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Wyndham

Member Since 07 Apr 2013
Offline Last Active Today, 01:39 PM
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Posts I've Made

In Topic: How High Did I Fire?

17 December 2014 - 05:15 PM

old thermocouples lose integrity as they age and it maybe the T?C is wore out and not reading the proper temp. if this is the case you need to change the t/c. several things could give this result, t/c and or elements

Wyndham


In Topic: Quick Consignment Deal - Need Confirmation :)

14 December 2014 - 04:59 PM

Has he done this before, ask for other crafters names  whose worked with him before for references , and all the above.

Good luck

Wyndham


In Topic: Production Potter Productivity

10 December 2014 - 01:04 PM

no need for 3 phase, just get another 11 cu ft, better return on investment. When you mentioned hand building, are you slabbing the clay , cutting out a template, and wrapping it around a form, then attaching a bottom then handle? If so, where is your bottleneck. 

Wyndham


In Topic: Production Potter Productivity

10 December 2014 - 09:36 AM

To give you an idea of labor cost, a contract potter in Seagrove, NC, who turns for several potters during the week, works at about $1.25 to $!.50/lb of clay. The clay is weighted and ready for him to turn, no handles,no trimming, just turning.

As suggested above rolling the bottoms save time

Since these contract potters work  by the pound, they must produce enough to prosper, a hundred lbs a day is common.

At 3lb of clay labor and clay equal to $6/piece +/-.

Clay can be thrown and covered so your production can exceed your daily demands as well, store in damp box..

If your hand builders are making just the tile badges that are applied, these too can be stored by wrapping and storing in a damp box.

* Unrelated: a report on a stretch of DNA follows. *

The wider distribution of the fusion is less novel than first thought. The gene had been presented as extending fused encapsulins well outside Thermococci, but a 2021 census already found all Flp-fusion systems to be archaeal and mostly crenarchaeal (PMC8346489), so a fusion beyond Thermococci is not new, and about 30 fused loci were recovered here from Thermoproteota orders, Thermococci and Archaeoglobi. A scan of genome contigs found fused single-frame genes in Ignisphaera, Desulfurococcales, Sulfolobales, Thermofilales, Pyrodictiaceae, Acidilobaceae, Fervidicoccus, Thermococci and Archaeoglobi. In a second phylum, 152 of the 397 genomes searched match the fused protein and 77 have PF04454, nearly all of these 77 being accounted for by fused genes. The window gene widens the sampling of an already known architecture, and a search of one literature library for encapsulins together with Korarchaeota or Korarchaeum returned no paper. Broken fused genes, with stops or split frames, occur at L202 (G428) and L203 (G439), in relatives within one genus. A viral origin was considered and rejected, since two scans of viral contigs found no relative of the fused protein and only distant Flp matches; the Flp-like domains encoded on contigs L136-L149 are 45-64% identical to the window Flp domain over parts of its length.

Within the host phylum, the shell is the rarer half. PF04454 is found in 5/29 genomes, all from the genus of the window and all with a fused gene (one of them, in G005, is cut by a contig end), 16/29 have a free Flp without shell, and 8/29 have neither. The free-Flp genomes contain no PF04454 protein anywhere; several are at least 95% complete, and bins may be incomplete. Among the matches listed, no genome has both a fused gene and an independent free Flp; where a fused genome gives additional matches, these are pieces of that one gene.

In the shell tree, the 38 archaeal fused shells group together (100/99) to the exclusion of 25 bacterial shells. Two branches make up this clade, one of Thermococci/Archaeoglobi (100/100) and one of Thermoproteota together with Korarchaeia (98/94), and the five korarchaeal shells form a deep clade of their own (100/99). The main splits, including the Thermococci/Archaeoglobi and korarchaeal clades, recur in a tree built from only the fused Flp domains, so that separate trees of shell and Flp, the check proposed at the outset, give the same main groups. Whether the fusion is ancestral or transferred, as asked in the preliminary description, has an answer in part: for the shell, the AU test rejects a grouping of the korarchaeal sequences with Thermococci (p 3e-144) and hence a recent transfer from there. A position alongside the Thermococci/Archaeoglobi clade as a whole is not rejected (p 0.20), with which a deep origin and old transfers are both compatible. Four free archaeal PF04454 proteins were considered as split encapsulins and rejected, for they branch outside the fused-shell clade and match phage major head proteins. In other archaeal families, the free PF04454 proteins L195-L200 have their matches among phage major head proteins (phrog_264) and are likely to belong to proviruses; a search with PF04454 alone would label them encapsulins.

If you don't have an extruder, get one for handles, you can make the die out of 1/4 in lexan and cut the handle pattern out with a drill press and a jig saw. Extrude the handles and form them on a board to firm up. There again keep in a damp box till ready to apply.

You can make 200 handles in an hr if needed.

Next get a larger kiln to add to what you have. If you have the power to handle the amps and the margin to handle the expense.

Just a few thoughts, hope some help, no idea if these fit your situation.

Wyndham


In Topic: Reconstitute?

08 December 2014 - 02:22 PM

Add water seal and let sit for a day or 2 then start stir until things start loosening up . You might want to invest in a kitchen stick blender for about $10 or so to help blend these back to a usable consistency. You'll need to screen the glazes and some may have hardened lumps from some ingredients crystallizing.

Put those aside in a bowl after screening and try dissolving them in a small amt of hot water, after dissolving, add this back to the glaze.

Test these glazes on some test tiles by themselves as well as in concert with out glazes you might be using. This will allow you to make a palette to refer back to.

I've had glazes dried out for years that I forgot about.They are as good today as when I made them, just some work to get them back to the right consistency

Hope this helps

Wyndham